The Limey
directed by Steven Soderbergh
(Artisan, 1999)

A mesmerizing mosaic of image and sound, Steven Soderbergh's The Limey is a tale of revenge, regret and biding one's time until the distractions clear away and only answers remain.

In a seamless collection of flashbacks and real-time footage and conversations, Soderbergh has pulled together a remarkable performance by Terrence Stamp as a London career criminal, Wilson, whose daughter has died in L.A. Released from prison, he embarks on a journey to California -- and through his daughter's life -- to find out whether Jennifer died in an accidental car crash or had a little help. He's not a grieving father suddenly emboldened by his loss: he's always played around the edges, and he knows exactly what corners people are willing to cut to protect their own backs.

Wilson's main focus is on Valentine, played by Peter Fonda, an icon of '60s music promotion who still has the isolation of fame, and the delusions of untouchability. Valentine's a contemporary of Wilson's, but with the money and the notoriety that allows him to slip out the back while the dirty deals are done. And he was Jennifer's lover when she died.

Both Fonda and Stamp are astonishing. The Limey has a tricky quality to it, a violence that's quiet and a inexorable pace that's never rushed, never frantic, though images of 30 years ago -- including inspired footage from Stamp's 1967 film Poor Cow, in which he played a London criminal -- collide with dialogue from the '90s. Soderbergh has melded images, like a recurring photograph of Jennifer, in a way that makes sense the first time you see them, and only have more emotional impact as it becomes clear how they fit into the narrative.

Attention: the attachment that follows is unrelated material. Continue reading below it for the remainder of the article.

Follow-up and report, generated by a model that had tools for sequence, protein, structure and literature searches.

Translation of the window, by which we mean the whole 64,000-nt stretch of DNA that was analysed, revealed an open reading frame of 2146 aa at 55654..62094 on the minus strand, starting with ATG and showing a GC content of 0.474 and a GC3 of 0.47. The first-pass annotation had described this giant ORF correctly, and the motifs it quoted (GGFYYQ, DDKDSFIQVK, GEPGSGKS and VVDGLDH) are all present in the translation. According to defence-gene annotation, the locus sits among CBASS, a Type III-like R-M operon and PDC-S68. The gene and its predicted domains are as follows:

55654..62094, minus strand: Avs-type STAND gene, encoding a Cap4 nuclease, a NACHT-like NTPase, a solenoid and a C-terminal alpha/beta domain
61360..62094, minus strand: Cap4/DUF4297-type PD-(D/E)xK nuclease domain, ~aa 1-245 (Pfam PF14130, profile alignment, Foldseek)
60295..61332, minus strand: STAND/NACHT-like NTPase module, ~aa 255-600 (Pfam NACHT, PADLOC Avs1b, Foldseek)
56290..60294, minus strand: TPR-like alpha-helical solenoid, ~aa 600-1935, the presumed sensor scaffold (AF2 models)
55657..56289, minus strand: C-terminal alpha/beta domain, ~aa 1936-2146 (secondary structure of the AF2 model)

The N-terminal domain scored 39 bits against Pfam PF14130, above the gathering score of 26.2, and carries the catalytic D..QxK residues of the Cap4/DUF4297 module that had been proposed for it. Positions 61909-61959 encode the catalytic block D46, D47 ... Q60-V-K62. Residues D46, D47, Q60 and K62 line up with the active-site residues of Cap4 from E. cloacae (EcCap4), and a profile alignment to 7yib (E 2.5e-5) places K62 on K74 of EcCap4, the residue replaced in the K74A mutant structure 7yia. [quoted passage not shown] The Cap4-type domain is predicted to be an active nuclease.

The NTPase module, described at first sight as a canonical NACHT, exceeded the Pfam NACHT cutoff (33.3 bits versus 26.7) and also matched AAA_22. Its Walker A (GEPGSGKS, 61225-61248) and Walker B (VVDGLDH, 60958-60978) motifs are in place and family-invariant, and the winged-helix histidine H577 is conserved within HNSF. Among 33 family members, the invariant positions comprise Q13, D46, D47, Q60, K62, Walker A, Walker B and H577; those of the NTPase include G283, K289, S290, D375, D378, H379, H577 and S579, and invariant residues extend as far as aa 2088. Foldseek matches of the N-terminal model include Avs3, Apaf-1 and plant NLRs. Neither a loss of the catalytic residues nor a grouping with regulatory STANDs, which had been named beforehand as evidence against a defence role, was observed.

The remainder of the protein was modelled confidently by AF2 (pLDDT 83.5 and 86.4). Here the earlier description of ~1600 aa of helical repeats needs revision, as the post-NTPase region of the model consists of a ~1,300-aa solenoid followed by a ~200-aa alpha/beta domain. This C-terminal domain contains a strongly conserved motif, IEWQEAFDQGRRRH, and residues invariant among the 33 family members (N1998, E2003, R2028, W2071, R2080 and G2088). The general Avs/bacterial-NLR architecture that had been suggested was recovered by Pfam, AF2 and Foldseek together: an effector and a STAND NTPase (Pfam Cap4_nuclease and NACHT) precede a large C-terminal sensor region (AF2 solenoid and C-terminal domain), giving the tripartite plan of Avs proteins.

In lesser hands, it would have been too confusing. But here, the repetition, in different forms and in different voices, is like a dream: disjointed, but all integral to understanding Wilson's patience, his conviction and his willingness to do what must be done.

Once in L.A., Wilson looks up Ed, a friend of Jennifer's who mailed him newspaper accounts of her death. Luis Guzman's Ed is a match for Wilson, low-key and taciturn, and with a reliability that the father can trust. Ed steers Wilson to some middlemen Jennifer argued with shortly before she died and, after Wilson's visit to them, only one escapes alive. Soon, Valentine and his bodyguard/adviser know someone is after him. But who? Wilson's motivation isn't guns, it isn't drugs, and even after they know his identity they can't relate to what drives him. And Wilson isn't simply after revenge. He lives in that weariness that comes after rage and revenge.

After he and Ed crash a party at Valentine's, and after Wilson walks away from a chance to kill Jennifer's lover, Ed wonders what held Wilson back. "It would've been too easy," Wilson says simply. "(Valentine's) gotta know why." Through it all, Jennifer's relationship with her long-absent father, her fatal anger with Valentine, turn around in full circle as the images of her childhood and brief adulthood collide. Never a gratuitous moment in The Limey, but lots of gratification.

[ by Jen Kopf ]

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